Due to the fact that the mixed-design ANOVA uses both between-subject variables and within-subject variables (a.k.a. repeated measures), it is necessary to partition out (or separate) the between-subject effects and the within-subject effects. It is as if you are running two separate ANOVAs with the same data set, except that it is possible to examine the interaction of the two effects in a mixed design. As can be seen in the source table provided below, the between-subject variables can be partitioned into the main effect of the first factor and into the error term. The within-subjects terms can be partitioned into three terms: the second (within-subjects) factor, the interaction term for the first and second factors, and the error term.[page needed] The main difference between the sum of squares of the within-subject factors and between-subject factors is that within-subject factors have an interaction factor.
More specifically, the total sum of squares in a regular one-way ANOVA would consist of two parts: variance due to treatment or condition (SSbetween-subjects) and variance due to error (SSwithin-subjects). Normally the SSwithin-subjects is a measurement of variance. In a mixed-design, you are taking repeated measures from the same participants and therefore the sum of squares can be broken down even further into three components: SSwithin-subjects (variance due to being in different repeated measure conditions), SSerror (other variance), and SSBT*WT (variance of interaction of between-subjects by within-subjects conditions).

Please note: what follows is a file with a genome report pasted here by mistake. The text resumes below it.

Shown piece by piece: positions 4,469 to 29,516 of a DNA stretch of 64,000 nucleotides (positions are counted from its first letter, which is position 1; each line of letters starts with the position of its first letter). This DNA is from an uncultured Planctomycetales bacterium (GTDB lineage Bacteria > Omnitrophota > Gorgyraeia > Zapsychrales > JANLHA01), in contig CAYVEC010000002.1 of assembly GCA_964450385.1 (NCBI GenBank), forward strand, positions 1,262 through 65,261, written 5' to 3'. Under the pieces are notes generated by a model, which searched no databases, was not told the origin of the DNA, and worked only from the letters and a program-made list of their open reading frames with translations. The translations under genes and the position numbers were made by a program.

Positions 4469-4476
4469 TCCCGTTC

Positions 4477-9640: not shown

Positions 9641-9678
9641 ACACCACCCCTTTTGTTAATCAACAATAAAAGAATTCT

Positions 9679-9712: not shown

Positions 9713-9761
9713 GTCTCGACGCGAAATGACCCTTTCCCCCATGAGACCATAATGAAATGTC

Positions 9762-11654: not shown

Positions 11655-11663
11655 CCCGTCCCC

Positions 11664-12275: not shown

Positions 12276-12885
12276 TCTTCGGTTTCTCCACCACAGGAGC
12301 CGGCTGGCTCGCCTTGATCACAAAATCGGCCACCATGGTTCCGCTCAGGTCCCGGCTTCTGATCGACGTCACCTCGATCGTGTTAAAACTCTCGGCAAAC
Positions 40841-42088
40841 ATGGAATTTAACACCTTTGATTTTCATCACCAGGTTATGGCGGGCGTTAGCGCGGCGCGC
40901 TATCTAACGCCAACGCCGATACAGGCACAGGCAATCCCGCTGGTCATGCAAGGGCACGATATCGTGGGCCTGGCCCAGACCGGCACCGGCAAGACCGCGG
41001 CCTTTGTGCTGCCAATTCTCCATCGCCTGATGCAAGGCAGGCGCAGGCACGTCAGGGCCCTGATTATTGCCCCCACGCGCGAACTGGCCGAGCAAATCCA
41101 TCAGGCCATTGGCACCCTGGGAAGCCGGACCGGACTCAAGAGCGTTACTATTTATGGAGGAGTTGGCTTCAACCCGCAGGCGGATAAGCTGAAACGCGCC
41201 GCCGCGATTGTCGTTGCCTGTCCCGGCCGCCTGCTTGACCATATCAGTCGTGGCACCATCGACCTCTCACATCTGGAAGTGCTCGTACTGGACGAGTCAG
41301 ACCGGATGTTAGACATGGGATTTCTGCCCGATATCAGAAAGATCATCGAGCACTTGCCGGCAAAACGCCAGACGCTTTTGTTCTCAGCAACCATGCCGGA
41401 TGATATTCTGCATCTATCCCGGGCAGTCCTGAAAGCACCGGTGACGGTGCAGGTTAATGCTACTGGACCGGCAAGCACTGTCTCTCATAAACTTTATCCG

Each effect has its own F value. Both the between-subject and within-subject factors have their own MSerror term which is used to calculate separate F values.
- FBetween-subjects = MSbetween-subjects/MSError(between-subjects)
- FWithin-subjects = MSwithin-subjects/MSError(within-subjects)
- FBS×WS = MSbetween×within/MSError(within-subjects)
Analysis of variance table
Degrees of freedom
In the case of the degrees of freedom for the between-subject effects error, dfBS(Error) = Nk – R, where Nk is equal to the number of participants, and again R is the number of levels.